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From Russia With(out) Luggage

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Just in from a week in St. Petersburg, where I hope my suitcase isn't. It's definitely not at the Newark airport. If it doesn't turn up I hope someone gets some use out of the two bottles of vodka it contains. Not to mention my best suit, shoes, and new glasses. Grrr.

Two chess encounters on the final days of my trip. I went into the dilapidated old central club. (No, that's NOT it above. That's the Kazan Cathedral in the center.) I wanted to take pictures but they were in the middle of the nightly rapid tournament and I didn't want to be the ugly tourist. 24 people, playing in four categories instead of all playing together and using clock handicaps. Average age was over 50, just two or three teens. You can tell it used to be a lovely space, but judging by the club's decorations, times are tough. The large photos of all the world champions end with two incorrect current champs: "Kasparov 1985-" next to "Khalifman 1999-". The last club champion on the wall was 2003.

On the way home through Paris there was a large advert to promote tourism to Hungary. It was mostly a large photo of none other than Judit Polgar, with a caption giving her identity and endorsement. Is she the most famous Hungarian in the world? Seems plausible. Probably a higher Q score than Leko, worldwide. No musicians or soccer players? Barring chessplayers, who comes to mind if asked to name a famous Hungarian? A living one? Is Zsa Zsa Gabor still alive?! (Kidding!)


Sorry about your luggage, Mig. What is it about ex-Soviet countries and losing luggage. The same happened to me in Estonia some years ago.

I remember being at the Kazan Cathedral with my family. It's a real treat walking through all the various columns. I hope that the weather was nicer to you than it was to me during all those trips.

Gyorgy Kurtag is considered one of the giants of modern classical music. Q rating? Worldwide probably somewhat below Polgar. And alas, significantly below Al Hrabosky.

Famous hungarians. Biro is named after its hungarian inventor and also Rubik's cubicle inventor is also hungarian.

Edward Teller. George Soros. Pal Benko (born in France). Congressman Tom Lantos.

Probably the most reknowned Magyar of modern times is Ferenc Puskas... born in 1927, lives in Belgrade.

Joe Namath


Don't forget the man who helped make computers a reality and whos architecture is still used today. John von Neumann. One of the greatest mathematicians to have ever lived.

Hungary has produced some other fine matematicans as well. In addition to von Neuman you have mathematical celebrities like Paul Erdös and Kurt Gödel.

As to living famous hungarian, my favourite hungarian is Judit Polgar. Can someone recomend a good game collection with her games ?

Kjartan: Sorry, of the ones you mentioned Kurt Gödel was not Hungarian, he was Austrian. I'd love to have him among my fellow countrymen, but we can't have _every_ great scientist after all. But you can add Theodore Karman to your list (physicist and aero-engineer). Don't forget about Béla Lugosi, either (chief character of 'Dracula' films in the '20s - or '30s?).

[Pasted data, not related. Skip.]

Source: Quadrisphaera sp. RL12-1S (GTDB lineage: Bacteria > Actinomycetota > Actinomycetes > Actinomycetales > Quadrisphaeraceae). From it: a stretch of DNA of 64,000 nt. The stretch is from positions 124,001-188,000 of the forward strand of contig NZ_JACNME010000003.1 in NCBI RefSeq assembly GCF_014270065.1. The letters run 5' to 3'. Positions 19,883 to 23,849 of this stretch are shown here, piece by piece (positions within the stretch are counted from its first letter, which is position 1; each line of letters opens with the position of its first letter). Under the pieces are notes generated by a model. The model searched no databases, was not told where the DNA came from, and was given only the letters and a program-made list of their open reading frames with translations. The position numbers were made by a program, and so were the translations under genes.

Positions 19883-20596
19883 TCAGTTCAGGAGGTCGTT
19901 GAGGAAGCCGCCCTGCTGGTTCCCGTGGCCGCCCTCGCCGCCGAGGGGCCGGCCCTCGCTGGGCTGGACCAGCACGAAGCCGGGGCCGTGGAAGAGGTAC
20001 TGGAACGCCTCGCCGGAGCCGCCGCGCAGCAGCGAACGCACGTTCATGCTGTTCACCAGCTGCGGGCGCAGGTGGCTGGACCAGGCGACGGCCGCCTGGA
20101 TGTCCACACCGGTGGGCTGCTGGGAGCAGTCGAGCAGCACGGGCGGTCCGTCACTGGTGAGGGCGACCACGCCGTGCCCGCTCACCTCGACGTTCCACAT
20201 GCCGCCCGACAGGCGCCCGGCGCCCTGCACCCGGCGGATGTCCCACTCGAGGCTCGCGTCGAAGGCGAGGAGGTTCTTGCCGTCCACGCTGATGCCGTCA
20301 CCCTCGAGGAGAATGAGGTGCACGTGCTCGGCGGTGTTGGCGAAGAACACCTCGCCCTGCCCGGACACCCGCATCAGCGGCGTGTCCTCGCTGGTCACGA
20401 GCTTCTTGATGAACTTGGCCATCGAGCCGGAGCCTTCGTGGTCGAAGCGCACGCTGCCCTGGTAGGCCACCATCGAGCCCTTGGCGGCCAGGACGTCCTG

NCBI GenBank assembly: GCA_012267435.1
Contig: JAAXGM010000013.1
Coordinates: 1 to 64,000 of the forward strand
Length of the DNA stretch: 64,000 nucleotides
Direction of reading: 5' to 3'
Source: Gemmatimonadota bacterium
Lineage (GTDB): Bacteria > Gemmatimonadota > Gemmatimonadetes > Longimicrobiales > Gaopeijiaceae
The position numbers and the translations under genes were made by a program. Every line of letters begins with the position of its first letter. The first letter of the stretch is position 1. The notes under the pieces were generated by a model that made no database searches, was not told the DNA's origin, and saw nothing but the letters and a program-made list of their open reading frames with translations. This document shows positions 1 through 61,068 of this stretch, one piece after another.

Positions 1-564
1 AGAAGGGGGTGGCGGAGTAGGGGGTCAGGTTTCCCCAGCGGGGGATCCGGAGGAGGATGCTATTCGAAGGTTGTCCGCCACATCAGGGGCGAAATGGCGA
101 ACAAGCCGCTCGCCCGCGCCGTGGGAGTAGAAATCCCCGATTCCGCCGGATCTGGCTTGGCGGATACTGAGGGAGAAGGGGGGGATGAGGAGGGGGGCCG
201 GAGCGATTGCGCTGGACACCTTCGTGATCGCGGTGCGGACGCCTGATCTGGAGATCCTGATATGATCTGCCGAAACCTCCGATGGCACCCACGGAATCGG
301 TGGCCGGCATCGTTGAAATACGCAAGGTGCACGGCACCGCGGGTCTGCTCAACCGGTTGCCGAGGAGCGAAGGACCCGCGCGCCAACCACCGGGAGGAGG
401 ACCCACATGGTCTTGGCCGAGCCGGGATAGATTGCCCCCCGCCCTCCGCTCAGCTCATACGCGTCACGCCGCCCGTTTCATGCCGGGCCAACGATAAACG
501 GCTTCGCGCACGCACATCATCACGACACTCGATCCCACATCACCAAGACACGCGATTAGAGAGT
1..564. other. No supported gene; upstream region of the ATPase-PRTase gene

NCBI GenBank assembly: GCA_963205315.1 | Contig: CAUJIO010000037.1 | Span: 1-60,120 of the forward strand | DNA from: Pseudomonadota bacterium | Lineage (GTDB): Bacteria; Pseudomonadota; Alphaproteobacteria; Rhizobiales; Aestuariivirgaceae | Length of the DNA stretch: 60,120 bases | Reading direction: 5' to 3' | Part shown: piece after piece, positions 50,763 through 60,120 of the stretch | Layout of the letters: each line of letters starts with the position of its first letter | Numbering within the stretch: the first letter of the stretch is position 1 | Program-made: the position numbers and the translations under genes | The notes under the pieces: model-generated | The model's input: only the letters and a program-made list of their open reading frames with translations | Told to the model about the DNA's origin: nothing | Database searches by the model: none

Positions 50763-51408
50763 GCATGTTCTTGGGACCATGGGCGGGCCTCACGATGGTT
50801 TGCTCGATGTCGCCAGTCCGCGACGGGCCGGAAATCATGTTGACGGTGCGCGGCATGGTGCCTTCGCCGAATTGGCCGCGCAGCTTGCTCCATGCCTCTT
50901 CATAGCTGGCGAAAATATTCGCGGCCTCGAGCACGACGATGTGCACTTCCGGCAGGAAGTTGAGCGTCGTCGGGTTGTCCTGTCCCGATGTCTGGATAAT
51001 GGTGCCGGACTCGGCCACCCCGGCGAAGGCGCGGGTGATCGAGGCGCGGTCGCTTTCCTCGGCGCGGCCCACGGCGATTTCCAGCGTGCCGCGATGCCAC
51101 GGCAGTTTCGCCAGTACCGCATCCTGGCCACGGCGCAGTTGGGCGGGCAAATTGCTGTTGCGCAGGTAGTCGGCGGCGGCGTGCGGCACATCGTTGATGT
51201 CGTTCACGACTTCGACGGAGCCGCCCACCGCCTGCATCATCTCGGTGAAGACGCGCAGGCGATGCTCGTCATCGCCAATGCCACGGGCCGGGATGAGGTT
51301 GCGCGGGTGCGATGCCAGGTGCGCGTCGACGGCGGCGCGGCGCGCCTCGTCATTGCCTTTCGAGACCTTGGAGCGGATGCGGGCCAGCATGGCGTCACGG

Also note that many famous Hungarians became famous _after_ they had left Hungary (like Neumann, Karman, Teller, Soros, Benko etc). I have a theory on this fact: people must be so desperate to leave this country that they are willing to do even the weirdest things to be able to do that - like compose or play music, act in films, study science for many years, invent computers or create a neutron bomb. (Chess fits in nicely: it _is_ weird and you can travel abroad a lot.)

Sorry about the mixup with Gödel, I was sure he was hungarian. I can add George Pólya instead :-)

I can never figure these things out - does Hungarian mean born there, or does it also mean of Hungarian descent? If the latter, how many generations does descent go before you go with the new country? I'd guess, for example, that Joe Namath, famously born in Beaver Falls, doesn't speak any Hungarian. Well, other than curse words.

Well, the point of my inquiry was whether or not Judit Polgar is top candidate for "face of Hungary" internationally. That is, born in Hungary and living in Hungary.

Bela Bartok (great Hungarian Composer)

Sorry, his name was already listed on that site.

All those Hungarian Dances from composers who weren't even hungarian! Very misleading. Personally, I don't think that the 'face of a country' works as a successful tourist campaign. I asked a few work colleagues who they considered the most well known hungarian (and a few other countries) and they all struggled to come up with anyone living at all. None of them had heard of Polgar, since they are non-chess players. It's quite funny that they had heard vaguely of Kasparov and remembered hearing on the news that he was hit on the head by a chess board. Apparently the story they heard (on youth radio) was that he was playing a computer, losing, and the opposing team (backing the computer)? got so angry that they attacked him?! And this happened just the other week? So I don't know how well Kasparov would serve as the 'face of Russia' either. I guess depending on target demographic, since I asked people in their early 20s.
Hope your luggage has turned up, Mig.

Hungary is one of those nations that *feels* like they probably did a great many things, have an impressive culture, etc. - yet you can't really point your finger on too many Hungarian achievements offhand. Unless, of course, you are Hungarian.

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    This page contains a single entry by Mig published on June 15, 2005 5:05 PM.

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